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The latest iteration of porcelain tile technology is the ability to create tiles as strong as, or stronger, than traditional tiles, but less than a third of the thickness. With standard tiles anywhere between 10 and 12mm thick, a new range of thin-format tiles is just 3mm thick, which opens up a host of possibilities to designers and installers.

The Kerlite tiles, developed by Italian tile maker Cotto D'este, are contemporary in nature, with the smallest size option 0.5m by 1 metre in dimension. “This is possible because of the use of the latest technology that allows these tiles to be thin and also large while retaining the strength of traditional porcelain tiles,” Casa Italiana’s Maurizio Pesciatini says.

Kerlite tiles are manufactured with a fibreglass mesh base, which is the main component allowing for their inherent strength. “Because of this fibreglass mesh, these thin-format tiles are actually stronger than most traditional tiles.”

The latest iteration of porcelain tile technology is the ability to create tiles as strong as, or stronger, than traditional tiles, but less than a third of the thickness. With standard tiles anywhere between 10 and 12mm thick, a new range of thin-format tiles is just 3mm thick, which opens up a host of possibilities to designers and installers.

The Kerlite tiles, developed by Italian tile maker Cotto D'este, are contemporary in nature, with the smallest size option 0.5m by 1 metre in dimension. “This is possible because of the use of the latest technology that allows these tiles to be thin and also large while retaining the strength of traditional porcelain tiles,” Casa Italiana’s Maurizio Pesciatini says.

Kerlite tiles are manufactured with a fibreglass mesh base, which is the main component allowing for their inherent strength. “Because of this fibreglass mesh, these thin-format tiles are actually stronger than most traditional tiles.”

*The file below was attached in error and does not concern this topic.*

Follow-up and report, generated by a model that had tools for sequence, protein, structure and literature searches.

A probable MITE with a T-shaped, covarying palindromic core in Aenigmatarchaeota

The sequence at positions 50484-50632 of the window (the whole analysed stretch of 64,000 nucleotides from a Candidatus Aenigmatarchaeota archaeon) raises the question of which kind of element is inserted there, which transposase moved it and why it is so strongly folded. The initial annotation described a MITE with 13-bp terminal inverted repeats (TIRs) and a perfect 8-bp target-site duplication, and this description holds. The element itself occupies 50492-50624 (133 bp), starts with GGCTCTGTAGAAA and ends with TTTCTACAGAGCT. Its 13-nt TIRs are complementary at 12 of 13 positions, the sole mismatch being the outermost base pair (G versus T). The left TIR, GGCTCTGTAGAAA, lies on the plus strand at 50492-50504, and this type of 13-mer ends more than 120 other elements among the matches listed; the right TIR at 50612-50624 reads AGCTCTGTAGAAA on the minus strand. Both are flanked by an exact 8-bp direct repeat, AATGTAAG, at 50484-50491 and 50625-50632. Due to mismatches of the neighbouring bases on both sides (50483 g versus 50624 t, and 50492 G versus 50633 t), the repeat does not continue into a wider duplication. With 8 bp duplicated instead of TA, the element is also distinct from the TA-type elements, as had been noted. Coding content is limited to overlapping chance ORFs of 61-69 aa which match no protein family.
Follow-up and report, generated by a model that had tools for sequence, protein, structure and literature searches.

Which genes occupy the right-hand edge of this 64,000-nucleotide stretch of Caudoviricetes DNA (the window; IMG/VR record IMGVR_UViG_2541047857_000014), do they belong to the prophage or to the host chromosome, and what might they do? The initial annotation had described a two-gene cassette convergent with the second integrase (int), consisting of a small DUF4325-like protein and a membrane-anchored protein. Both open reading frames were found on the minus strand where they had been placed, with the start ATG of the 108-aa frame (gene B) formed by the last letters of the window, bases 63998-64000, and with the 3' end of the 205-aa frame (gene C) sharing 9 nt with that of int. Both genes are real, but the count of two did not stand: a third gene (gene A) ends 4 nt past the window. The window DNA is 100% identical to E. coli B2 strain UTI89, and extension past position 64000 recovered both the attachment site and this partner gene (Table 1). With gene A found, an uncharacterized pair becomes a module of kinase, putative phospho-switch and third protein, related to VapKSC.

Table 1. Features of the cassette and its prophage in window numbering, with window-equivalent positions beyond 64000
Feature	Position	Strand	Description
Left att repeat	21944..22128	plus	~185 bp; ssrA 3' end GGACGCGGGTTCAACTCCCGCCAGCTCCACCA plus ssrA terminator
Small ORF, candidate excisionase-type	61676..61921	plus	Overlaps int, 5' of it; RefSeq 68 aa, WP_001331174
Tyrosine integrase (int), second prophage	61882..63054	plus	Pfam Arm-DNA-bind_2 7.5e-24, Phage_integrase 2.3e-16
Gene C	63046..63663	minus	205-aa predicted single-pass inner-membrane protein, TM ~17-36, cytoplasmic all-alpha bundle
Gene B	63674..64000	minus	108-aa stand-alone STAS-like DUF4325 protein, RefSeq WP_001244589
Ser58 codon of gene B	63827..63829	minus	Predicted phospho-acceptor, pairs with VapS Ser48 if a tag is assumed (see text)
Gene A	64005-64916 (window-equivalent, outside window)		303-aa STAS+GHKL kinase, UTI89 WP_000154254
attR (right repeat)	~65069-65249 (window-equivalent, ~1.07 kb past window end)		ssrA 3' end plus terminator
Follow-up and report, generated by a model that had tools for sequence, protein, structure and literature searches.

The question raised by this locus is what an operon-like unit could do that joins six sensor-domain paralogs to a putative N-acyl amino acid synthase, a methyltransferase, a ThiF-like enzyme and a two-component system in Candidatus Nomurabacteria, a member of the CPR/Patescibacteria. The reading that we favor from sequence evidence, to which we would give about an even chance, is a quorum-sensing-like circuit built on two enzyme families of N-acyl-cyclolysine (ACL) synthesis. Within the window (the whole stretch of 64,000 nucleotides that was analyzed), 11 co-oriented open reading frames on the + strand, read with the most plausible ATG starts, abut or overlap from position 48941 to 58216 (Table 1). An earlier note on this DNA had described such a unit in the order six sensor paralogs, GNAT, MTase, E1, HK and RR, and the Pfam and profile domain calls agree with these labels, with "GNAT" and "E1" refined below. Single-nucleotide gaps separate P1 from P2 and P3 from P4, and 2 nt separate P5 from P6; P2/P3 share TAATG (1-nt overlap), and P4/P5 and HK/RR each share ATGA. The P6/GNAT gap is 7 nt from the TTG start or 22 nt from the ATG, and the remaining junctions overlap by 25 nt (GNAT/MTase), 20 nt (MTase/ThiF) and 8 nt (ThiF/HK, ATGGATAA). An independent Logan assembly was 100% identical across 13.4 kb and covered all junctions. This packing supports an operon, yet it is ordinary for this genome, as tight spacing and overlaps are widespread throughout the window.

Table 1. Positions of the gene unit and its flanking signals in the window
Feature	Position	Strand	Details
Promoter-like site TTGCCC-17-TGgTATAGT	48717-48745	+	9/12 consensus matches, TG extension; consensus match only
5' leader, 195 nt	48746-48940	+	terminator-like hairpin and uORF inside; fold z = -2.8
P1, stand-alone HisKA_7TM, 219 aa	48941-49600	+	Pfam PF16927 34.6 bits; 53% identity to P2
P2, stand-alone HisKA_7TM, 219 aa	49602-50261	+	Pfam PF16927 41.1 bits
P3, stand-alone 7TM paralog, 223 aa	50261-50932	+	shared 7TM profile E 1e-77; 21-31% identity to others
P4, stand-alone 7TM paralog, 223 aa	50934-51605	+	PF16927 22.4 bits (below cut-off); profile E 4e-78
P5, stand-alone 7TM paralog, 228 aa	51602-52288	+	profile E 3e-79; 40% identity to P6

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Their strength is just one aspect that’s drawn architects and specifiers towards this new product though. Another is the ability to easily lay the tiles on top of existing floor coverings, including wood, stone, ceramic or other materials. “Because it’s so thin, this is possible and it saves a lot of time and money being able to install directly on top of what already exists,” Maurizio says. “In many cases this wouldn’t be possible with traditional tiles because by the time you have a tile that’s up to 12mm thick and then a couple of millimetres of glue underneath that, you’ve got a significantly raised floor level, that doesn’t generally work underneath doors, for example.”

The largest size available in the Kerlite ranges is 1x3 metres, which was primarily designed for commercial applications. In residential settings, Maurizio says he’s finding the most popular sizes are 1x2.5 metres. “Using this size thin-format tiles in a bathroom for example can create a truly stunning effect, especially if it’s a marble-look tile.”

 

Their strength is just one aspect that’s drawn architects and specifiers towards this new product though. Another is the ability to easily lay the tiles on top of existing floor coverings, including wood, stone, ceramic or other materials. “Because it’s so thin, this is possible and it saves a lot of time and money being able to install directly on top of what already exists,” Maurizio says. “In many cases this wouldn’t be possible with traditional tiles because by the time you have a tile that’s up to 12mm thick and then a couple of millimetres of glue underneath that, you’ve got a significantly raised floor level, that doesn’t generally work underneath doors, for example.”